Chapter FOOD AND AGRICULTURE FOOD AND NUTRITION In the last 40 years population growth averaged 17 but food production increased by an average of 22 Food supplies have kept up with population increase The amount of energy each person needs to remain active and healthy depends on body weight climate state of health stress level and basic metabolism 0 A small sedentary adult in a warm climate requires less than 2000 calday o A large muscular person living a very active life in a cold climate requires more than 6000 calday Food and Agriculture Organization FAO of the United Nations estimates that the average minimum daily caloric intake over the whole world is about 2500 calday CHRONIC HUNGER AND FOOD SECURITY Chronically undernourished people receive less than 2200 calories per day In the 1960s 60 of the population of developing countries was considered chronically undernourished At present it is estimated at less than 15 undernourished The UN Food and Agriculture Organization estimates that food production will continue to increase to provide 2800 calday in a near future and 3050 calday by the year 2030 About 850 million people don t have enough to eat 90 of the chronically undernourished are in developing countries Agricultural production has fallen in countries in transition eg former communist countries Poverty is the greatest threat to food security the ability to obtain sufficient food on a day to day basis Some analysts suggest that by reducing the world hungry the economic growth could greatly increase due longer healthier more productive lives for several hundred million people Hungry people are often excluded from the labor force because they are too weak to work Some countries like China Vietnam Nigeria Ghana and Peru have reduced chronic hunger by several millions Still other countries have increased their chronically underfed population eg lndia Women do 50 to 70 of the farm work in most of the world but rarely have access to control of the land capital and developmental aid Chronic hunger increases susceptibility to disease and leaves people feeling weak and lethargic reducing their ability to work This is reflected in economies and contributes to a devastating cycle of household hunger and poverty Vitamin and mineral deficiencies in children lead to stunted growth blindness and compromised mental development Iron deficiency anemia contributes to 20 percent of maternal deaths in Africa and Asia Source Food and Agriculture Organization fact sheet httpwwwfaovl quot 39 39 quot 39 quot 39 39 quot39 ndf httpwwwfao quot l39 39 html ACUTE FOOD SHORTAGES Famine is the acute food shortage that results in a largescale loss of life social disruption and economic chaos 0 Seed grains and breeding stock are eaten 0 Mass migration of starving people 0 Long time to recuperate after better conditions returned Causes of famine 1 Environmental conditions often triggerfamine eg drought pests 2 Political instability and economics also cause food shortages 3 Armed conflict is a major cause of famine Arbitrary political boundaries along with wars and land seizures by the powerful and rich block access to areas that once served as refuge during natural disasters Herding people into feeding camps is often the worst thing to do for them 0 Lack of sanitation 0 Lack of jobs 0 Social chaos and family breakdown o Often people can t replant when the situation returns to normal MALNUTRITION AND OBESITY In addition to calories we need specific nutrient in our diet 0 Proteins vitamins and minerals o Fats and carbohydrates provide calories needed for energy production in cells Some definitions Undernourished people who receive less than 90 of their minimum dietary needs Seriously undernourished less than 80 of the minimum dietary needs Overnutrition too many calories eg average daily intake in US is 3500 calday Malnourishment nutritional imbalance According to the US Surgeon General 62 of the US adult population are overweight and about 33 are seriously overweight or obese o Obese about 30 pounds above normal for an average person Lack of time for cooking and access to health food choices along with ready availability of fast food snacks and calorieladen drinks lead to dangerous dietary imbalances for many people Obesity is spreading around the world For the first time there is more overweight people than underweight lmbalance in the diet can lead to illness and even death Lack of iron leads to anemia lack of iodine leads to goiter Lack of proteins causes kwashiorkor anemic listless low resistance to diseases Marasmus is cause by lack of proteins and carbohydrates shriveled and very thin Vitamins are needed in very small amounts daily Some diseases associated with vitamin deficiency are scurvy pellagra and beriberi EATING A BALANCED DIET Generally it isn t necessary to take dietary supplements Eating a good variety of goods should give the person all the nutrients needed A diet low in meat dairy products fats and sweets is recommended New recommendation made by dietitians are 0 Eat little meat butter rice pasta potatoes and sugar 0 Nuts legumes beans peas etc fruit vegetables and whole grain should be eaten in abundance Unsaturated fats are recommended eg plant oils olive canola sunflower etc Transfats like those found in margarine are not recommended KEY FOOD SOURCES Our food comes mostly from about a dozen seeds and grains three root crops twenty or so fruit and vegetables six mammals two domestic fowl and a few fish and other forms of marine life Major crops 0 Primary Wheat rice and corn maize The majority of humanity depends on these three crops for their caloric and nutrient needs 0 Secondary oats rye barley and potatoes are important in mountainous regions and high latitudes These crops need a cool moist climate eg Northern Europe and Asia North America Cassava beans svaEt putatues yams and am m the trupms They gruvv m Warm Wet areas e g Amazuma Mmaneswa Snuth Paeme s ands Canooean We and surghum w my hmates They are mpunant w dry areas qufnca Abuut one two ufthe cerea oseo m the Worm guestu feed hves mck Meaty mm and seafuud North Amerma Eurupe and Japan make up 2m ufthe Worm pupu atmn and eonsome Buno of 3 the meat and WM m the Worm Fwsherwes eonmoote abuut 16 of mo quahty prutem eonsomeo Wonoywoe Pn anan Wmm FP ZHH and F39mhppmes remme sensmg PVHha e made shmg very Ef ment dep eted bythe UN senuus enyoonmemax pmb ems 5pm 55 chili 5mm Gmundnul pus hm Dry QuaIs beans Imn Mex man allnunsm coon FARM POLICY Much of the increase in food production over the past 50 years is the result of public support for agricultural education research and development projects such as irrigation systems transportation networks and crop insurance Agricultural subsidies can distort markets and cripple production in developing countries Agricultural subsidies encourage surpluses and allow farmers to sell their products overseas at as much as 20 below the actual cost of production This makes imported food cheaper than locally grown crops in many developing countries The FAO argues that ending distorting financial support in the richer countries would have a far more positive impact on food supplies and livelihoods in the developing world than any aid program SOIL A RENEWABLE RESOURCE Soil is an ecosystem and an essential component of the biosphere Soil can be used sustainably and enhanced under careful management There are about 15000 different types of soil in the United States In order to feed the world on a sustainable basis we need to know how the soil is formed how it is lost and what can be done to protect and rebuild good agricultural soil 0 Young soils have not been weathered for long and are rich in nutrients o In old soils rainwater has washed away minerals and organic matter and left behind clay and rustcolored oxides With care soils can renew and replenish indefinitely SOIL COMPOSITION WHAT IS SOIL Soil is a mixture of mineral matter organic matter water air and organisms INORGANIC MATTER Weathering breaks down the bedrock into small particles Particle size Gravel 264 mm Sand 0052 mm Silt 0002005 mm Clay less than 0002 mm Particle size affects the character ofthe soil Sandy loam organic matter clay and sand mixture is the best for agriculture Humus is the partially decomposed bodies of plants and animals 0 Humus coats mineral particles and holds them together in loose crumbs making the soil spongy Spongy soils hold water and nutrients needed by plants Maintains spaces for root hairs to grow SOIL ORGANISMS Soil is an ecosystem with its peculiar community of animals plants algae fungi and microorganisms Most animals stay close to the surface Burrowing animals and plant roots contribute to the turn over and aeration of soil There are many decomposers that return nutrients to the soil Mycorrhizal symbiosis is an association of between the roots of plants and certain fungi 0 Plant provides food to the fungus o Fungi absorbs water and minerals and transfer them to the plant 0 A mutualistic relationship where both partners benefit Plant roots penetrate the soil and draw water and mineral from it the roots also secrete acids that decompose mineral particles Fallen plant litter adds new organic material to the soil returning nutrients to be recycled SOIL PROFILES Most soils are stratified into layers called horizons 1 horizon surface litter made of fallen leaves twigs and other debris 2 A horizon topsoil made of organic matter humus organisms inorganic matter 3 E horizon zone of leaching where dissolve material moves downward by percolating water 4 B horizon subsoil low in organic matter and high concentration of minerals iron aluminum 5 C horizon weathered parent material broken rock fragments often brought to the place by geologic forces wind water and glaciers 6 R horizon bedrock impenetrable Soils are classified according to the texture color and composition of its horizons Because climate plays an important role in soil formation soils differ widely from one major climatic zone to another Tropical climates with their high temperature and rainfall yield deep strongly weathered and leached soils with low nutrient contents The lush vegetation is almost the only source for replenishing nutrients Arid climates with low precipitation and high evaporation give rise to soils that contain variable amounts of easily soluble components such as calcium carbonate or gypsum that is left behind after evaporation of water from the soil In temperate climates soi formation to a large extent a chemical process is more or less restricted to the warmer part of the year resulting in less weathered and less deep sois as compared to tropical regions In arctic climates soi formation is even m r restricted Moreover it is strongly influenced by freezingthawing processes and the presence of permanently frozen subsoil permafrost Source httpwwwisricnl Additional information httpWWW fan quot 39 cdraspurl filedocrepNV8594EW8594E00htm SOIL TYPES Alfisols are produced under moist deciduous forests Mollisols are formed under grasslands Both are very fertile Histosols are formed in waterlogged places where there is a lot of partially decayed plant material WAYS WE USE AND ABUSE SOIL Only about 11 of the earth39s land area is currently in agricultural production Constraints to agriculture steep slopes shallow soil poor drainage low nutrient level metal toxicity excess salts and acidity LAND RESOURCES Arable land is unevenly distributed around the world Worldwide the cropland available for agriculture is shrinking The current ratio is 021 hectares of croplandperson o 1 ha 247 acres Current population projection is that by the year 2025 the average cropland per person will decline to 042 acreperson In Asia the average will be 022 acre person 95 of the recent agricultural growth has come from improved crop varieties increased fertilization irrigation and pesticide use Productivity per unit of land has increased Largest increases in cropland have occurred in South America and Oceania where forests are being converted to agriculture Asia and Europe have little opportunity to open new cropland The soils of tropical Asia Africa and South America are old and generally infertile Most of the nutrients are in the standing plants and not in the soil LAND DEGRADATION Land is considered degraded when the soil is impoverished or eroded water runs off or is contaminated more than is normal vegetation is diminished biomass production decreased or wildlife diversity diminishes This results in 0 Lower crop yields in farmlands 0 Fewer livestock can be supported per unit of area in ranchlands 0 Fewer species in nature reserves In the past 50 years some 19 billion ha 1 ha 246 ac of agricultural land has been degraded This area is greater than that now in production 0 300 million are strongly degraded o 910 million are moderately degraded this area is about the size of China Causes vary from wind erosion water erosion salinization waterlogging nutrient depletion and toxic chemicals Every year 0 3 million ha of cropland are ruined by erosion o 4 million ha are turned into deserts o 8 million ha are converted to nonagricultural uses roads shopping centers housing etc No degradation Light soil degradation Moderate soil degradation Severe soil degradation Source httpwwwisricnl Photos of soil degradation httplwwwfaoorgIandandwateraglIlphotolibtoc ehtm httplwwwfaoorgdocrep003w2612ew2612eMap12epdf EROSION It is a natural process that redistributes the products of weathering and it is part of soil formation and soil loss It is a disaster only when it occurs in the wrong place at the wrong time A thin layer of top soil is removed every year until eventually nothing is left but poorquality subsoil that requires more fertilizer and water to produce any crop at all It is estimated that 25 billion tons of soil are lost from croplands each year due to wind and water erosion 1 of the cropland per year Erosion causes siltation of rivers reservoirs estuaries wetlands and offshore reefs and banks Erosion could reduce agricultural production by 25 in Central America and Africa and 20 in South America by the year 2003 Mechanisms of erosion 0 Sheet erosion layers of soil are removed from the surface Rill erosion rivulets or small channels of running water Gully erosion large channels of running water Streambank erosion washing away of soil from stream and riverbanks often removing trees Plowing fields or overgrazing is responsible for exposing the soil to the action of water and wind United States has one of the highest rates of soil erosion in the world o It exceeds soil formation on cropland by 40 0 About 12 of the soil that existed before the Europeans came has been lost 5 tons per acre is generally considered the maximum tolerable rate of erosion Erosion in some areas of British Columbia can be as high as 30 tons of topsoil per hectare Continuous monoculture cropping can increase soil erosion crop rotation tends to diminish erosion Worldwide about 25 ofthe land has potential use for agriculture About twice as much as we now use EROSION HOTSPOTS China India Russia and Ethiopia have high erosion rates It is estimated that China loses soil at a rate 20 times that of the United States The Huang Yellow river carries 700 kg of silt per cubic meter or 50 by weight The Ganges is next after the Huang in annual sediment load Some experts say that Haiti has no topsoil left Population pressure is responsible for the cutting of trees and plowing the grasslands with great effect on soil and loss of biodiversity Large expanses of land could be used more intensely with the proper input of fertilizers high yield crops and technology OTHER AGRICULTURAL RESOURCES Agriculture is also dependent upon water nutrients favorable climates productive crop varieties and upon the mechanical energy to tend and harvest the crops WATER Efficiency of irrigation water use is rather low in most countries High evaporation rate and seepage may cause the loss of up to 80 of the water intended for irrigation Waterlogging or salinization is the result of overwattering o Waterlogged soil is saturated with water and plant roots die from lack of oxygen 0 Salinization occurs when mineral salts accumulate in the soil it occurs particularly when soils in dry climate are irrigated with saline water lrrigation problems are a major source of land degradation and crop losses worldwide FERTILIZER Nitrogen potassium and phosphorous often limit plant growth Calcium and magnesium are often limited in areas of high rainfall Overfertilization often occurs because farmers are not aware of the nutrient content of the soil they farm Nitrates and phosphates are a major cause of aquatic ecosystem pollution Many countries have reported dangerous level of nitrates in ground water in farming areas eg France Germany Denmark and United States Eutrophication of lakes streams and ponds results from excessive nutrients in the water Some alternatives to chemical fertilizers are manure compost ashes crop residues leguminous crops ENERGY Farming in industrialized countries is generally energy intensive Fossil fuels supply most of the energy required in agriculture There is an indirect use of energy in the production of synthetic fertilizers and pesticides Additional food is used in food processing distribution storage etc Wind could become a source of energy Renewable energy sources are crops that can be converted into biofuels ethanol 0 Fuel crops are taken to be existing agricultural crops which can be used for fuel and energy as well as food eg wheat C225million hectares sugar beet C170000 ha potatoes 160000 ha and oilseeds C425 000 ha These crops are likely to be the serious feedstocks for biofuelling road transport 0 By products are taken as fuel feedstocks available in addition to the main crop ie straw forestry waste oil seed meals brewer39s grains sugar beet pulp and in the case of biodiesel glycerol Also in the case of biodiesel recycled cooking oils I I I Source httn39lwww hindiesel r n uknress on 39 htm NEW CROPS AND GENETIC ENGINEERING Most of the food in the world comes from 16 species of plants GREEN REVOLUTION The term was coined in 1968 by William Gaud director of the US Agency for International Development It is a movement to increase agricultural yield by using new cultivars fertilizers pesticides irrigation and mechanization Most countries have to depend on the agricultural land they have at present A few subSaharan African and Latin American countries have open new land to agriculture Europe and the former Soviet Union have lost agricultural land due to degradation After the WWII the Ford and Rockefeller Foundations set up agricultural research stations to breed tropical wheat and rice varieties that could provide substantial yield gains New strains of rice and wheat have triple or quadruple yields per hectare 22 acres in the tropics The new breeds respond more efficiently to increase in fertilizer and water than traditional breeds The are called quothigh respondersquot Under poor conditions these quothigh respondersquot often due worst than traditional varieties Throughout the world native varieties are being replaced by the new types and their genetic resource is in danger of being lost Seed banks are being set up to store many seed varieties for future breeding Mediterranean climate and savannas have produced about half of the thirty major food crops used by humans worldwide These biomes have long dry seasons and plants tend to store energy in their seeds roots and tubers Plants that originated in these two biomes produce 23 of our annual food supply 0 Middle East Fertile Crescent wheat barley oats rye figs peas apples grapes melons o and onions 0 Mesoamerica corn tomatoes beans chilies and squash 0 North China rice sorghum apricots peanuts yams peaches About 3000 plants have been used for food but only 16 plants are widely used for food For additional information visit httpwww arches una 39 quot 39 htm An interesting evaluation of the Green Revolution is found at httpWWW fnndfirqt quot 39 quotmom m m u hfml GENETIC ENGINEERING The development of genetically modified organisms GMOs by introducing genes of other species is called genetic engineering 0 Transgenic organisms Genetic engineering is common in agriculture Research is now underway to improve yields and create crops that Resists drought frost and disease Tolerate salty waterlogged or lownutrient soils Produce their own pesticides that will reduce the use of pesticides O O O 0 Higher vitamin and protein content Animals are being genetically modified to grow faster gain weight on less food and produce pharmaceuticals such as insulin in their milk Criticism 0 Pest resistance could be transferred to wild plants creating quotsuper weedsquot that are resistant to herbicides or to insect pests o Constant presence of pesticides in plants could accelerate pesticide resistance in insects or leave toxic residues in soil or food 0 GMO crops are relatively expensive and are criticize for enriching the rich multinational companies and make farmers dependent on them for seeds 0 Unanswered questions about possible health problems About 70 of the processed foods contain transgenic products including tomatoes potatoes corn and oils GMO in the United States 0 82 of soybeans o 71 of cotton 0 25 of maize PEST RESISTANCE Bacillus thuringiensis Bt a bacterium makes toxins lethal to members of the butterfly and beetle families of insects These insect families are responsible for most of the crop damage caused by insects Genes of Bt have been transferred to cotton corn and potatoes This new technology has reduced the use of pesticides by farmers Criticism o Entomologists worry that plants will produce the toxins regardless of level of infestation and eventually produce resistant strains 0 The problem of nontarget species being affected by the toxins is another criticism Monarch butterfly caterpillar dye if they eat pollen containing Bt toxins WEED CONTROL The most popular transgenic crops are not insectresistant but those engineered to tolerate high doses of herbicides Crops containing these genes can withstand heavy herbicide spraying to kill weeds growing in between the crop plants Criticism The creation herbicide resistant super weeds Domestic crops can interbreed with wild relative and pass these genes to the progeny IS GENETIC ENGINEERING SAFE Critics worry about irresponsible use of this technology or unforeseen consequences arising from new combinations of genetic material The public opinion has remained skeptical about GM plants 0 Health risks antibiotic resistant crops could help spread antibiotic resistant germs o The believe that itjust not right to mess with naturequot We have been moving genes around by hybridizing and selecting mutations for centuries Are GMO the same as those organisms developed in traditional practices Biotechnology may be more precise in creating novel organisms than normal breeding procedures biotechnology moves one or few known genes rather than a whole host of genes Would GMO help to feed the world or will help to consolidate corporate power and economic disparity o Unfair competition between rich agribusiness companies and poor farmers who cannot afford the transgenic seeds SUSTAINABLE AGRICULTURE It is also known as regenerative farming Agriculture has changed dramatically in the last 60 years Although these changes have had many positive effects and reduced many risks in farming there have also been significant costs Prominent among these are topsoil depletion groundwater contamination the decline of famil farms continued neglect of the living and working conditions for farm laborers increasing costs of production and the disintegration of economic and social conditions in rural communities Source httpwww saren urdavis 39 htm Sustainable agriculture agroecology or regenerative farming all aim to produce food and fiber on a sustainable basis and to repair damage caused by destructive practices Three goals of sustainable agriculture are 1 Environmental health 2 Economic profitability 3 Social and economic equitability Soil conservation Soil can be renewed and replenish indefinitely with careful practices 1 Managing topography o Contour plowing reduces water runoff and erosion 0 Strip farming is the planting of different crops in alternating strips along the land contours When one crop is harvested the other is still present to protect the soil 0 Terracing prevents erosion of steep hillsides In Indonesia and the Philippines some rice paddies have been cultivated for 2000 years 0 Planting perennial species in unstable soils on sloping sides eg tea fruit trees coffee Providing ground cover Mulch is a general term for a protective ground cover that can include straw wood chips manure leaves etc Annual crops generally cause high erosion rate Crop residues left on the ground Cover crops planted afterthe harvest and plowed under later on Mulch heavy paper or plastic sheets lnterplanting two different crops eg corn and beans Reduced tillage system Plowing helps to control weeds reduces competition brings nutrients to the surface improved drainage and aerated the soil Less plowing preserves the soil improves water management saves energy and increases crop yields Minimum till uses a chisel plow creating ridges on which the seeds can be planted Conservtill uses a sharp disc to cut a slot on the soil surface making a very narrow furrow for planting the seeds Notill drills the seed into the ground directly without plowing Lowinput sustainable agriculture Lowinput farming methods use fewer chemicals involve more crop rotation and use less energy but the total revenue is less but the net income per acre is often higher It is an alternative to industrial chemically intensive agriculture Lowincome farming is generally more sustainable Should the small farmer be considered or left at the mercy of multinational agricultural conglomerates 0 Energy intensive o Monoculture 0 Chemical and hormone intensive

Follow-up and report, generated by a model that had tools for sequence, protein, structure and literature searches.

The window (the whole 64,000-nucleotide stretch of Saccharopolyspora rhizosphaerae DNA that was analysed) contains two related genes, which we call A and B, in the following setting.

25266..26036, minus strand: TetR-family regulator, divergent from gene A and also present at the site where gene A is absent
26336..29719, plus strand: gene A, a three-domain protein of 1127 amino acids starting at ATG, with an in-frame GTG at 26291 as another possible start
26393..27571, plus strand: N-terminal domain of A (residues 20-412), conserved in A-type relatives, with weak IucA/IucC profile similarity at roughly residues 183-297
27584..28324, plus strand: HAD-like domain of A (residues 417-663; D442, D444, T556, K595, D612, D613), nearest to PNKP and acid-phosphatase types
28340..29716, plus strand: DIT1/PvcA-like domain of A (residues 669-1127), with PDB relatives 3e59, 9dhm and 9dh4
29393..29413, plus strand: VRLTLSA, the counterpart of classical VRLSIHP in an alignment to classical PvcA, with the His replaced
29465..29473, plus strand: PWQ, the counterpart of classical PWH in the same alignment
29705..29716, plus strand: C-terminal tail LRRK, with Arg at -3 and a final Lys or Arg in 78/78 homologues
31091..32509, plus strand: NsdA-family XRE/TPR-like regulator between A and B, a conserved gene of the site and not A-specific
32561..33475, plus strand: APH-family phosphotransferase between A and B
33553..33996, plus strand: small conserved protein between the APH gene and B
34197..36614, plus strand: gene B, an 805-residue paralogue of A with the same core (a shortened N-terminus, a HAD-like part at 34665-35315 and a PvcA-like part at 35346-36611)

Buy Material

Are you sure you want to buy this material for

25 Karma

Buy Material

BOOM! Enjoy Your Free Notes!

We've added these Notes to your profile, click here to view them now.


You're already Subscribed!

Looks like you've already subscribed to StudySoup, you won't need to purchase another subscription to get this material. To access this material simply click 'View Full Document'

Why people love StudySoup

Steve Martinelli UC Los Angeles

"There's no way I would have passed my Organic Chemistry class this semester without the notes and study guides I got from StudySoup."

Jennifer McGill UCSF Med School

"Selling my MCAT study guides and notes has been a great source of side revenue while I'm in school. Some months I'm making over $500! Plus, it makes me happy knowing that I'm helping future med students with their MCAT."

Bentley McCaw University of Florida

"I was shooting for a perfect 4.0 GPA this semester. Having StudySoup as a study aid was critical to helping me achieve my goal...and I nailed it!"


"Their 'Elite Notetakers' are making over $1,200/month in sales by creating high quality content that helps their classmates in a time of need."

Become an Elite Notetaker and start selling your notes online!

Refund Policy


All subscriptions to StudySoup are paid in full at the time of subscribing. To change your credit card information or to cancel your subscription, go to "Edit Settings". All credit card information will be available there. If you should decide to cancel your subscription, it will continue to be valid until the next payment period, as all payments for the current period were made in advance. For special circumstances, please email


StudySoup has more than 1 million course-specific study resources to help students study smarter. If you’re having trouble finding what you’re looking for, our customer support team can help you find what you need! Feel free to contact them here:

Recurring Subscriptions: If you have canceled your recurring subscription on the day of renewal and have not downloaded any documents, you may request a refund by submitting an email to

Satisfaction Guarantee: If you’re not satisfied with your subscription, you can contact us for further help. Contact must be made within 3 business days of your subscription purchase and your refund request will be subject for review.

Please Note: Refunds can never be provided more than 30 days after the initial purchase date regardless of your activity on the site.